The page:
The Ahmed Al Fateh Mosque, also famous as the Grand Mosque, is easily the best things about my trip in Bahrain. It is gorgeously designed, modest and justly eye opening. The entry is free and gives one of the kindliest greetings I have ever had from a visitor attraction, let alone a place of worship. Next up is the Fort.

Courting back to 2300 BC, and comprising remains right up until the 18th century, Bahrain Fort is an archaeological site, which has been mined gradually over the preceding 70 years. It has been elected a UNESCO World Heritage Site, and is now a protected area. Some parts are just ruins in the ground, but the most exciting part of it lies with the massive castle-like fort, which still stands strong. I want to stop here for a whole day, explore the fort in detail, but we are hungry and dinner is at a local place called Emmawash, where I hear scribbling on walls is allowed. Bahraini food is heavily meat-oriented but a meal is never complete without some lentils vegetables on the side. And of course we scribble on the walls after soon learning that it’s white-washed every year for more scribbling space!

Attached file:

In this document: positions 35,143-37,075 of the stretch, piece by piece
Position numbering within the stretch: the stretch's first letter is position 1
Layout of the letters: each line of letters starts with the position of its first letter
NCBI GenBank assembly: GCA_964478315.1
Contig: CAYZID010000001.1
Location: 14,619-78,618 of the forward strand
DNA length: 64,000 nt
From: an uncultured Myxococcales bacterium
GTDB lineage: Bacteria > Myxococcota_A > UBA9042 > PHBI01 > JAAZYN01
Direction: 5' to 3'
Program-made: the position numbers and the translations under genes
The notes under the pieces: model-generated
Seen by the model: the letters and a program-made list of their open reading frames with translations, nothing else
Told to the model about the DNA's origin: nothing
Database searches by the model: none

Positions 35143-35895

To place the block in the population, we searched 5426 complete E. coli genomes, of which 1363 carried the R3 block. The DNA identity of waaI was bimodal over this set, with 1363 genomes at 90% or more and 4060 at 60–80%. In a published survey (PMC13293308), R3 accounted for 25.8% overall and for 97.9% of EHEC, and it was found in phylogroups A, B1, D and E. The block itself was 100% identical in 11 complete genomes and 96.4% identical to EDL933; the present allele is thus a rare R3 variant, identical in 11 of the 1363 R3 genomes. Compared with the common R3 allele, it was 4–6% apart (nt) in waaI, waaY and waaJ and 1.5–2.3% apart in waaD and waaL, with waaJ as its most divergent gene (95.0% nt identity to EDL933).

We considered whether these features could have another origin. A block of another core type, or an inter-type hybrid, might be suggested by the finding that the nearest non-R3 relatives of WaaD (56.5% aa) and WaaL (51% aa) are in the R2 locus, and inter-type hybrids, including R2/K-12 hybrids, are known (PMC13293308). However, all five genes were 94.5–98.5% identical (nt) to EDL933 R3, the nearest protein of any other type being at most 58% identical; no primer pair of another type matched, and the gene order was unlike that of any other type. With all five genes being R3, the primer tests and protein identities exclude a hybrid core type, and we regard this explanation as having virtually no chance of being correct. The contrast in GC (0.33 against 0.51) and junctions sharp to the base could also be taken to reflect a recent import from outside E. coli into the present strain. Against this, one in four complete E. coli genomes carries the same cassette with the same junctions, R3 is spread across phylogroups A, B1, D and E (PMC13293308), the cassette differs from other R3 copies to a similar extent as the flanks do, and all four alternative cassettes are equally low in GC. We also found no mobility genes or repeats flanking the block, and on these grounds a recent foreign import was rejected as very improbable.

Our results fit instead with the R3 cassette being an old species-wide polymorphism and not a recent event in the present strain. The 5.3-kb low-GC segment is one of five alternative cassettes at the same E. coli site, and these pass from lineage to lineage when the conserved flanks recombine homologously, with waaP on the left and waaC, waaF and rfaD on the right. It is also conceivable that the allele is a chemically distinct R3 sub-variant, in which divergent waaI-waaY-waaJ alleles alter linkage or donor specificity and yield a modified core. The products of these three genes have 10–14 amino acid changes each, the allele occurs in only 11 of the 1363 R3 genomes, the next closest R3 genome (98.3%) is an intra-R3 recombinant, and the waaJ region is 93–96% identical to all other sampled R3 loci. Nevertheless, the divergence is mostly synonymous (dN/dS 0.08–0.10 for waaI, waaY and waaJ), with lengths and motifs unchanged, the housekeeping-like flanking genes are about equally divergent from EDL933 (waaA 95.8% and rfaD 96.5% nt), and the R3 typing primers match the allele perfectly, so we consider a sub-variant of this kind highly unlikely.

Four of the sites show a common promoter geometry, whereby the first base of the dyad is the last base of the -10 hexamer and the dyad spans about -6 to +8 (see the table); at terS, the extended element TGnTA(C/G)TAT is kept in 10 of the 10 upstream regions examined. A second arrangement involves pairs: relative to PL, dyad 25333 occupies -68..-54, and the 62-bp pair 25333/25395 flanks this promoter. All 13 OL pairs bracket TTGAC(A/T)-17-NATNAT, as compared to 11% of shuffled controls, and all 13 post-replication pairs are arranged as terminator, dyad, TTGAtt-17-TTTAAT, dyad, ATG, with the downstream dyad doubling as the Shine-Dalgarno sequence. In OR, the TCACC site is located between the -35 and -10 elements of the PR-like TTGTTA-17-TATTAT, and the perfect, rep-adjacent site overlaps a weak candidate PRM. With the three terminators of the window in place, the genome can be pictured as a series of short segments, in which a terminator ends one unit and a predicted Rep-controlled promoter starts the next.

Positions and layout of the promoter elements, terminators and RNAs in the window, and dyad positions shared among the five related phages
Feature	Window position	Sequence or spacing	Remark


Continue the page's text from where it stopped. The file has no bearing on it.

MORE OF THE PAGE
Disappearing Island

It is still morning when we leave the hotel after breakfast and head for the Amwaj Marina to hop on to a big white speed boat, passing through the stunning sea that connects to the Jarada Island. Jarada is, or should be, a big tourist attraction; it is a beautiful island that disappears post 6 p.m. owing to the high tide every evening. We have a whole lot of fun, dancing to music, making sand castles, dipping our feet in the sea and cooking our own BBQ. I try not to think of it much. I have to return to the concrete jungle, after all, and I fear I will fall in love with this island if I pay it too much attention. We are still discussing the island when our car brings us to back to the hotel. There is enough time for a quick round of shopping, so we head to Dragon City, an extremely well-organised mall full of Chinese goods.

Breakfast time

It is quite fascinating that this petite island country has so much going on in terms of chic world savours and yet, even with a huge expatriate population, succeeds to keep its old-style food culture. We order a few Set menus at Saffron by Jena which comes with Balaleet, which is sweetened vermicelli noodles topped with a savoury omelette, eggs and tomato, mashed kidney beans, potatoes, spiced baked beans and a basket of bread with khuboos and buns slathered with a sweet and spicy preserve. The complimentary chilled saffron drink is refreshing and acts like an appetite cleanser.